cats for adoption through the 700-odd PetSmart Luv-A-Pet in-store
boutiques, which have rehomed more than three million animals since
1990. The idea is that if bringing visitors to the shelter is
difficult, a microcosm of the shelter can be taken to them.
Because a major “secret” of success in business is being
conveniently located, every PetSmart store is easy to find, with
prominent signage, plenty of parking, and maps of how to get there
at multiple local web sites. But even if the nearest PetSmart store
is several hundred miles away, an animal care facility whose
management understands the importance of encouraging access can
attract visitors by the busload.
The founders of Kanab, Utah, were polygamist Mormons who
moved there in 1848. The Mormon church renounced polygamy in 1890,
but polygamist enclaves persist near Kanab to this day, a location
so far out in the desert as to seemingly ensure isolation.
Hollywood film makers found Kanab about 80 years after the
polygamists. Ironically, the movie moguls were attracted for a
similar reason: expansive western movies could be made near Kanab
with little risk of accidentally incorporating anachronistic scenery,
such as power poles or passing cars. Westerns were made in Kanab for
about half a century. But after the studios that used Kanab quit
making westerns, the film sets fell idle. The site remained unused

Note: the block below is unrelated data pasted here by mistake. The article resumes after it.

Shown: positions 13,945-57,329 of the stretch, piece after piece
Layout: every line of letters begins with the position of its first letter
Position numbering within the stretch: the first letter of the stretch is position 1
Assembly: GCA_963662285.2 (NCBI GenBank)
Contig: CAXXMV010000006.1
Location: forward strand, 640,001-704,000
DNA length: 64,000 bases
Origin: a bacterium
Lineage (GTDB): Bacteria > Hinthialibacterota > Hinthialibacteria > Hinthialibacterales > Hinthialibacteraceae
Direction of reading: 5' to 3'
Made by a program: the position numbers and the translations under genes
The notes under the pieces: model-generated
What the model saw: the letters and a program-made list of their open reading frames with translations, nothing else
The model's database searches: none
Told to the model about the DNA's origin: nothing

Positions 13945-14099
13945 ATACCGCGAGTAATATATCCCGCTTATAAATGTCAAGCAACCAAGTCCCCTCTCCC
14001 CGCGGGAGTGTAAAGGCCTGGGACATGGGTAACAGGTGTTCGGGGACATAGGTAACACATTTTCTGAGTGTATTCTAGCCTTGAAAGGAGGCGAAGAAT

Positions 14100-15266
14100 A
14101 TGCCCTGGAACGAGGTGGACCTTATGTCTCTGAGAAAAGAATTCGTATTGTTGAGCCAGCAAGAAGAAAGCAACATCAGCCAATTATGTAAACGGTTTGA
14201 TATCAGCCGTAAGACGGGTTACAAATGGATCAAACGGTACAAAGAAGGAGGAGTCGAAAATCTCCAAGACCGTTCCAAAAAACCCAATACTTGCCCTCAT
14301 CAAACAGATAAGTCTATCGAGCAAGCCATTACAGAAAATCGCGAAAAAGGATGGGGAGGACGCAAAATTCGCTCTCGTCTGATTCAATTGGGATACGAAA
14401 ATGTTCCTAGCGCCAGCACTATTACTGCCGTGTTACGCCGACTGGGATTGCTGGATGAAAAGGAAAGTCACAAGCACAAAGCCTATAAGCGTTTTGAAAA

for more than 10 years–until the Best Friends Animal Society
discovered it, bought it, and built the most visited animal
sanctuary in the world. More than 27,000 people per year find their
way to Best Friends, 7,000 of them for multi-day stays as
volunteers, even though Kanab is still several hours from the
nearest airport.
Knowing that visitors to shelters and sanctuaries tend to
become the most generous and loyal volunteers and donors, Best
Friends actively encourages guests with every device and method that
a chamber of commerce might use to promote tourism. As well as
advertising the sanctuary itself, Best Friends advertises scenic
national parks and monuments that might be accessed from the same
highways, distributes lists of local restaurants and overnight
accommodations, and–above all else–offers maps and directions.
It is often facetiously said now that if one can find Kanab,
one cannot miss finding Best Friends; but if one cannot find Kanab,
just go to Best Friends and ask where the town is.
Through extensive web-searching, ANIMAL PEOPLE discovered
that hundreds of animal shelters and sanctuaries do not have a
physical address on their web site, just a post office box, and